An Open Letter To My Mother

Dear mum,

You carried me for 9 nine months in your belly. I ruined the 29 year-old figure that you had and yet you’ve never complained. You endured back aches, random food cravings, stretch marks, weird bowel disorders and swollen feet because of me. Labour was not easy; not only did you opt for a natural birth, you denied the drugs because you thought it would hurt me. 

I was your little girl growing up and the day that I slipped on my first uniform for pre-school; you hugged me tight and cried on my shoulders. For every morning that I went to school, you spent that five minutes combing my hair and tying it into a perfect ponytail. I could do it myself but I let you because I loved how your gentle touch always made me smile.

But then things changed. Puberty came and I was alone. Where were you when I needed you, ma? Why weren’t you there to teach me how to properly put on a pad or to tell me what to expect as I endured my first bout of cramps?

We fought and we fought. You said that you were losing me as a daughter but I felt like I already lost my mother. We stopped seeing eye to eye and soon we were at each other’s throats. Not a day went by that we did not argue – the dishes weren’t done properly, the light switch wasn’t switched off, the clothes weren’t folded in the correct order..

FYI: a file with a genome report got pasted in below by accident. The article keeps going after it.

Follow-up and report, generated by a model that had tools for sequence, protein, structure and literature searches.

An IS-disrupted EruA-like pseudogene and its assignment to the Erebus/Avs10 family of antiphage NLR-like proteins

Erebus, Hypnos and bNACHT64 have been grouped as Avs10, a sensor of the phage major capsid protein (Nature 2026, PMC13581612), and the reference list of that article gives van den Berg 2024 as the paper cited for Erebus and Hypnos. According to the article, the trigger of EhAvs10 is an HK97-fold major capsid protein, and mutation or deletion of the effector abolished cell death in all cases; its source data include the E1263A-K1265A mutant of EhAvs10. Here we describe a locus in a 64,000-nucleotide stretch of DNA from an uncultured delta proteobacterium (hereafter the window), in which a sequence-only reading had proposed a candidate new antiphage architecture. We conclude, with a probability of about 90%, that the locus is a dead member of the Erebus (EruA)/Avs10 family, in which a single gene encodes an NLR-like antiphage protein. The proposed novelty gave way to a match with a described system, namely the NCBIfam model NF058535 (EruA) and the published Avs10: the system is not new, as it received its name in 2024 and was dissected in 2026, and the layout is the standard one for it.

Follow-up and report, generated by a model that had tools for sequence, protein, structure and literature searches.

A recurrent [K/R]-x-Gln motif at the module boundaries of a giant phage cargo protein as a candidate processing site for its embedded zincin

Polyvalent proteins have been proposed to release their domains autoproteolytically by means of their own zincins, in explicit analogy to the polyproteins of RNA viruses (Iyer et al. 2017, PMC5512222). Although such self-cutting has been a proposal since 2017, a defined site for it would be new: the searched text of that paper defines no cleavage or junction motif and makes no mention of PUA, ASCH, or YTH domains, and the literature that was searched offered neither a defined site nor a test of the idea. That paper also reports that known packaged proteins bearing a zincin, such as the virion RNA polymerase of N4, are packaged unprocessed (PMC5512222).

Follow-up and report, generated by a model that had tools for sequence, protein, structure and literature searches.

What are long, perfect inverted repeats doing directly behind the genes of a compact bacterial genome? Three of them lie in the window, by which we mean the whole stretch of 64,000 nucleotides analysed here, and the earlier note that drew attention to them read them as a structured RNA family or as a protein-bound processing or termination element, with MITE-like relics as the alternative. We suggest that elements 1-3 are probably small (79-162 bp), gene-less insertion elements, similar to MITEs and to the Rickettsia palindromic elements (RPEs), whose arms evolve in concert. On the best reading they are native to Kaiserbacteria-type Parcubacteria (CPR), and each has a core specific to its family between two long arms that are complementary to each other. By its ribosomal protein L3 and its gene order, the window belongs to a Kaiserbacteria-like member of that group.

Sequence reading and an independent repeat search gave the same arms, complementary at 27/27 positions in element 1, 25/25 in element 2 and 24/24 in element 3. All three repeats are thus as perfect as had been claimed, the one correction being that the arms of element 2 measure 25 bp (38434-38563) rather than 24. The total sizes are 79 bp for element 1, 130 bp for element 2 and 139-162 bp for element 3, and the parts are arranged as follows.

You craved the mother-daughter relationships portrayed in movies but when I tried to, you responded horribly. You shouted at me while I cried through my first heartbreak. You told me, “Get over it and stop crying. You have school to focus on.”

That was not what I needed at that time.

Disaster struck and you needed me by your side. I was there. I defended you. I fought for you. And you forgot about me when things got good. I am no longer the centre of your world.

I know that you still love me, as you remind me every day, but I wish I could make you proud. You gush about your friends’ children receiving awards from school and your company, I know that sometimes you wish I would one day too.

Although I worked hard when I was in University, I know that I wasn’t where you hoped I would be. Education was always so important to you and while I do understand that education is important, I never knew the sacrifices that you and dad had to make just to send me to school. Me graduating First Class Honours was a dream of yours – sadly, not one that I could fulfill. When I received the scrolls in my hands, they felt like weights instead – filling me with dread and disappointment.

Now that I have entered adulthood and have my first job, I know you had hoped that I would be earning more. I promise that I will work hard and make something of myself one day.

No matter what happens, I love you with all my heart. Nothing in this entire world would change that.



Your daughter.